Author: bikoba

Blurring the Matters of Mind and Heart

In “The Signalman”, Dickens plays on the blurred line between human emotion and logic in understanding the natural and supernatural world around us. He argues that while humans primarily rely on logical thought process to contemplate the tangible, physical objects, the heart plays a larger role in understanding – and in this case, foreshadowing – by means of the supernatural. Dickens illustrates this conflict through the two main character’s voices, “‘Why not tell me where the accident was to happen, -if it must happen? Why not tell me how it could be averted,-if it could have been averted? …And I, Lord help me! A mere poor signal-man on this solitary station! Why not go to somebody with credit to be believed, and the power to act?’” We see this line between human emotion and logic continue to blur as the storyline develops, and as the area of the natural and the supernatural converge. In this particular snippet, we see Dickens employ tools like punctuation to represent the internal struggle of the signalman. Using hyphens, exclamation points, and question marks, he chops the signalman’s thoughts into short, simple sentences to portray the anguish over the death of the beautiful woman and the anxiety for the future death to come.

Claudius Slips Up

My claim is that Hamlet’s uncle and new stepfather, Claudius, unmasks the contempt he feels towards Hamlet, revealing the dark nature of his character, and therefore alerting the audience to the potentiality of foul play from Claudius regarding King Hamlet’s death. While previously in the play we see Claudius as a gracious king (despite a couple moments at which his true nature slips through), the true, vicious side of Hamlet’s stepfather and uncle is revealed to the audience with starling clarity as he uses his words as spears to pierce into Hamlet’s mourning of his deceased father. In doing so, the audience is given the first warning signs of Claudius’ ulterior motives. In the text, Claudius states, “’Tis sweet and commendable in your nature, Hamlet,/To give these mourning duties to your father….. But to persevere/In obstinate condolement is a course/Of impious stubbornness. ‘Tis unmanly grief./It shows a will most incorrect to heaven,/A heart unfortified, a mind impatient,/An understanding simple and unschooled.” (Shakespeare 13) While at first Claudius appears to be playing the role of understanding stepfather, he immediately shatters this illusion by disguising his contempt as “tough love”. At this point the audience is unaware that Claudius is responsible for King Hamlet’s death, but in this chosen passage, we as audience begin to see the underlying conflict taking place between the two characters. Telling Hamlet that it is “sweet and commendable” to be grieving his father’s death before turning around in the next breath to attack Hamlet’s basic human qualities (his masculinity and intelligence), Claudius’ passive-aggression runs rampant. In this passage, Claudius demonstrates his willingness to hurt others in order to achieve his goals; goals which in this case include suppressing any thought of the former king and his, in addition to removing any threats to his rule. Having said that, in doing this Claudius only further makes himself more vulnerable as he shows Hamlet and the watching audience a mere fraction of the damage of which he is capable.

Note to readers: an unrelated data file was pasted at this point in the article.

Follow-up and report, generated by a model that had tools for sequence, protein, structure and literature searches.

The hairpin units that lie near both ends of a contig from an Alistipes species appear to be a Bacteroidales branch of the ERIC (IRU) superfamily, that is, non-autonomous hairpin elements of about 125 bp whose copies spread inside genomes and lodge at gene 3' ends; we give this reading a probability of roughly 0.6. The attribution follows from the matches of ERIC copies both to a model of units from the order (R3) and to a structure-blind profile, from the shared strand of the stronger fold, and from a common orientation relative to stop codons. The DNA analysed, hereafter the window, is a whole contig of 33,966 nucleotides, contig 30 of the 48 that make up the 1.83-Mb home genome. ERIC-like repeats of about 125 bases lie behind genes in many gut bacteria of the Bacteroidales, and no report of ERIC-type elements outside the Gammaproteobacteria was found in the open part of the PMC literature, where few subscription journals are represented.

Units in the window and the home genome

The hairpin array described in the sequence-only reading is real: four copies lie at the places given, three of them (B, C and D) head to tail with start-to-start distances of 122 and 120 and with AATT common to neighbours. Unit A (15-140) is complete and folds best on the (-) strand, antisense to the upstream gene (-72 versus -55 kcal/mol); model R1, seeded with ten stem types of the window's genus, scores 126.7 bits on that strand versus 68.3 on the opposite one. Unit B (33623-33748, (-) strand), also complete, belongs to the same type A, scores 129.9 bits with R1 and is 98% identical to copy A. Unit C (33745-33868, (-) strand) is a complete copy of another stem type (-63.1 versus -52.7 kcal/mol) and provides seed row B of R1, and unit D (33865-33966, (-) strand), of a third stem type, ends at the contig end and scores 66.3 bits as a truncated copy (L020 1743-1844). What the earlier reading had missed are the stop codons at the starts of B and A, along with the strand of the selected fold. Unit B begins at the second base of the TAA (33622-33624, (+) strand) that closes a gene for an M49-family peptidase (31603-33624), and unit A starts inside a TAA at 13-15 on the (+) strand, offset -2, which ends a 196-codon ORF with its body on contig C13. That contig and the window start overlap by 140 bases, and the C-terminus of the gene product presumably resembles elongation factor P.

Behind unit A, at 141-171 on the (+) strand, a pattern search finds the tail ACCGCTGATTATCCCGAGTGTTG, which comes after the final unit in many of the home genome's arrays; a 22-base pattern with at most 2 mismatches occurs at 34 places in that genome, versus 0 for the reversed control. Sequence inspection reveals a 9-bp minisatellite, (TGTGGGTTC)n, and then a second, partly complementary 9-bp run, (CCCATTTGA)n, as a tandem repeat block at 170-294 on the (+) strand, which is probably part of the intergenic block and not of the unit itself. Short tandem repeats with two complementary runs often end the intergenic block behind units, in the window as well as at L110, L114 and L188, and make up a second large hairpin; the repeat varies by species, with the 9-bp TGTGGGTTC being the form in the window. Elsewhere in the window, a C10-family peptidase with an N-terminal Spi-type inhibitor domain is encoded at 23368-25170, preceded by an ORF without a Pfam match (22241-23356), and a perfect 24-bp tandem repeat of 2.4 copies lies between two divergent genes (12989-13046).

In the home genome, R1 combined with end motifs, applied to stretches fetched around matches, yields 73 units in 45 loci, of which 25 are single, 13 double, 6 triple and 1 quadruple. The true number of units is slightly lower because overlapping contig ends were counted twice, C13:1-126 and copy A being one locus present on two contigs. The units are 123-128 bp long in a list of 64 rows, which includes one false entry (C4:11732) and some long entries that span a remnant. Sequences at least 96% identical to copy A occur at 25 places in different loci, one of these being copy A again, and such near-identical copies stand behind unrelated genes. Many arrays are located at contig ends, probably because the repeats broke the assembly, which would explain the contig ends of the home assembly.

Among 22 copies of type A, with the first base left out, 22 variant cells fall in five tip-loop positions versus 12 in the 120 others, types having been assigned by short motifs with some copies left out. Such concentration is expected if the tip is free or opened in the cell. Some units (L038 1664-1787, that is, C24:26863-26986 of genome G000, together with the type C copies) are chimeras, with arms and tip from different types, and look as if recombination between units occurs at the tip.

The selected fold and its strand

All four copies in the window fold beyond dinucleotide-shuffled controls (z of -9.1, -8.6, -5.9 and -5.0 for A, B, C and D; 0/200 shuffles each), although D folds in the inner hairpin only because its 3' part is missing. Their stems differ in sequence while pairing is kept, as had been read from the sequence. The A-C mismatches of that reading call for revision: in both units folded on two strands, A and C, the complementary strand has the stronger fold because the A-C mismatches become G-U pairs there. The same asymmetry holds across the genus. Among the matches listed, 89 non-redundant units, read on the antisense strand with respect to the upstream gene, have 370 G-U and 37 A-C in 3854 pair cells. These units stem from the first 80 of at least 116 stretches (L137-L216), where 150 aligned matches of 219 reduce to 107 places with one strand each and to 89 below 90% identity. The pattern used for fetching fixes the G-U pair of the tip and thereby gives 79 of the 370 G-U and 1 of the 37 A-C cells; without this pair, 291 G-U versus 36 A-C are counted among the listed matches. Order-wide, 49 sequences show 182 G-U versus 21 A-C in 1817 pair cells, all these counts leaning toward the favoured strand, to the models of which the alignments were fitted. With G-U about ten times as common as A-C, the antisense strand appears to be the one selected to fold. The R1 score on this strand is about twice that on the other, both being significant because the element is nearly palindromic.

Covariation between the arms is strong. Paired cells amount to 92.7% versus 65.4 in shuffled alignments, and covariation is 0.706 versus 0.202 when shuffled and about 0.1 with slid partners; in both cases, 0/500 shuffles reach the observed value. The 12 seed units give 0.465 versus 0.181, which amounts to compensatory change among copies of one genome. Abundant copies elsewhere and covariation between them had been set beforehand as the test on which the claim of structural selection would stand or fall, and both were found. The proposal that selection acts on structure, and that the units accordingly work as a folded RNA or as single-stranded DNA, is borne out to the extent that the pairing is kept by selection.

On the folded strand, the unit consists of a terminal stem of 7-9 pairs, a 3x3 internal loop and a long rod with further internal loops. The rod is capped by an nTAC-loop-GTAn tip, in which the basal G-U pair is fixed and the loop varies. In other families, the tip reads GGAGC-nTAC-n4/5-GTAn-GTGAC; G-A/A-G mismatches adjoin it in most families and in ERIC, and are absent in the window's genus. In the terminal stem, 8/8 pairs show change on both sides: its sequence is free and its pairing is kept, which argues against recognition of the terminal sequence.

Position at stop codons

The Tell-Tale Heart: Insanity

“And still the men chatted pleasantly, and smiled. Was it possible they heard not? … -no, no! They heard! They suspected! They knew! – they were making a mockery of my horror! … Any thing was more tolerable that this derision! I could bear those hypocritical smiles no longer! I felt that I must scream or die! – and now – again! – hark! louder! louder! louder!  louder!” (Poe 306)

In this near closing passage of the text, I feel like Poe uses the semantics, diction, and punctuation of the English language in order to portray the mental state of the first-person character. Previously in the text, Poe primarily uses commonly structured sentences in order to portray the insanity of the main character. For example, in the main character’s effort to convince the reader that he is perfectly sane, in the very beginning of the text he states, “How, then, am I mad? Hearken! And observe how healthily – how calmly I can tell you this story.” (Poe 303). In addition, just after the climax of the story, Poe states, “If you still think me mad, you will think so no longer when I describe the wise precautions I took for the concealment of the body.” (Poe 305). The irony of the situation is that while, in so logically trying to convince the reader of his sanity, the main character does the exact opposite.

Consequently, as the character begins to lose the sense of false-logic that he has approached in telling the tale to the audience, the reader begins to lose this sense of “sanity” along with him, as he begins to break up his prose writing with frequent hyphens and shortened, one-word sentences. In addition, as in the quote above, towards the very end of this strange tale, Poe utilizes the use of punctuation to emphasize the character’s frenzy as the guilt, in the form of hearing a dead man’s heartbeat, begins to take over the main character as a result. In conclusion, Poe does an excellent job of using the semantics of the human language to demonstrate the emotion of this fictional character as his touch with the natural world is lost.